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IDAHO FALLS, Idaho (AP) — The Salmon-Challis National Forest is reaching the halfway point in the four-year process of developing a new forest management plan.

The Post Register reports the work has some stakeholders digging in their heels and others seeking common ground. The plan covers ecosystems, watersheds, plant and animal communities, grazing, resource extraction, rivers and wilderness areas.

Salmon-Challis Forest Supervisor Charles Mark says there are 3 million acres (1.2 million hectares) that could potentially be considered for wilderness area designation, though not all of it will be included in a wilderness recommendation to Congress.

“We’re not looking at recommending that entire acreage as wilderness to Congress,” Mark said. “We’re working our way down till we get to the areas that actually have the wilderness character that would merit a wilderness recommendation.”

A wilderness designation would mean restrictions including rules barring motorized or mechanized travel, the use of chain saws, permanent shelters, roads and mining. The Salmon-Challis National Forest will continue taking public comment on the evaluation of the wilderness plan through Thursday. Then forest officials will begin analyzing the information and comments, an effort expected to last a year.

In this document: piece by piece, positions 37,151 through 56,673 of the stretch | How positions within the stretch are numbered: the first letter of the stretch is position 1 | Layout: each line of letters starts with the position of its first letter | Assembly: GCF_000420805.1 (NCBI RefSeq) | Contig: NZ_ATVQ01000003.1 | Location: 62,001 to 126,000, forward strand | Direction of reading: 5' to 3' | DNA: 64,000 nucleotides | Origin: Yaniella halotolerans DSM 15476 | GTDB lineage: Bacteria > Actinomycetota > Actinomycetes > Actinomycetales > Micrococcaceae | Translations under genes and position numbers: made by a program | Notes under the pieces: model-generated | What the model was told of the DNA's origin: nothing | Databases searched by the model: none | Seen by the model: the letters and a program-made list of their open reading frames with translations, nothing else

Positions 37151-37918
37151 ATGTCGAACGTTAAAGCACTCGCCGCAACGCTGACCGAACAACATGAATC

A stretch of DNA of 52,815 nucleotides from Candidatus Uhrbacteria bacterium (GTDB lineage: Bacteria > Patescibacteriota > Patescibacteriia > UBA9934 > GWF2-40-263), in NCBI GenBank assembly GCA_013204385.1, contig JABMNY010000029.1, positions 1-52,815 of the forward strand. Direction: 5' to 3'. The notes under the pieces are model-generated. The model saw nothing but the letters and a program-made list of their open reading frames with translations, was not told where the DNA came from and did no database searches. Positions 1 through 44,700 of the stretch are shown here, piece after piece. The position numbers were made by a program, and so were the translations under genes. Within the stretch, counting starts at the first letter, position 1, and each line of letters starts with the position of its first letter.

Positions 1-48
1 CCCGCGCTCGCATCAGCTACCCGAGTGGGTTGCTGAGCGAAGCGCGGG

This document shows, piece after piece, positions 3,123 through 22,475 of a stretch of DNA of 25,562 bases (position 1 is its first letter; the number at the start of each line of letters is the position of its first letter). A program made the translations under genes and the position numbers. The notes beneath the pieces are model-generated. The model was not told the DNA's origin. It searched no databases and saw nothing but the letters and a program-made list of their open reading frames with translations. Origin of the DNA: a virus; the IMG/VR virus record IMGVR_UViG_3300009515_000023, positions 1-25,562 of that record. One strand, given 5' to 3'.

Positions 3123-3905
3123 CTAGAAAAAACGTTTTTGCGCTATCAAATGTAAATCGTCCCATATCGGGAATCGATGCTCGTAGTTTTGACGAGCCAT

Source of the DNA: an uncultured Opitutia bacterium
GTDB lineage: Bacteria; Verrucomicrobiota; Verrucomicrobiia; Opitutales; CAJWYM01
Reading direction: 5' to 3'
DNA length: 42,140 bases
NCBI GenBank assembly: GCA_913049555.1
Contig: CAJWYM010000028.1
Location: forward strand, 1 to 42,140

The final step of building the forest management plan — coming up with recommendations — will also take a year; forest officials will collect public comments throughout the process.

“I had a couple of well-attended local meetings in Salmon and Challis just before the holidays,” Mark said. “One way to describe how folks are feeling locally is that people are pretty concerned. A lot of the local people in and around the forest do not want to see any further restrictions on access or their ability to use the forest.”

Outfitters, wilderness advocates and people representing the grazing, boating and mining industries are also weighing in. Several have joined the Central Idaho Public Lands Collaborative in an effort to find common ground and give that input to forest managers.

“These folks are showing up and putting in a lot of volunteer hours,” said Toni Ruth, of the collaborative. “It’s very impressive. They deliver that information to the forest supervisor. So there’s a dialogue instead of just a letter sent.”


Information from: Post Register,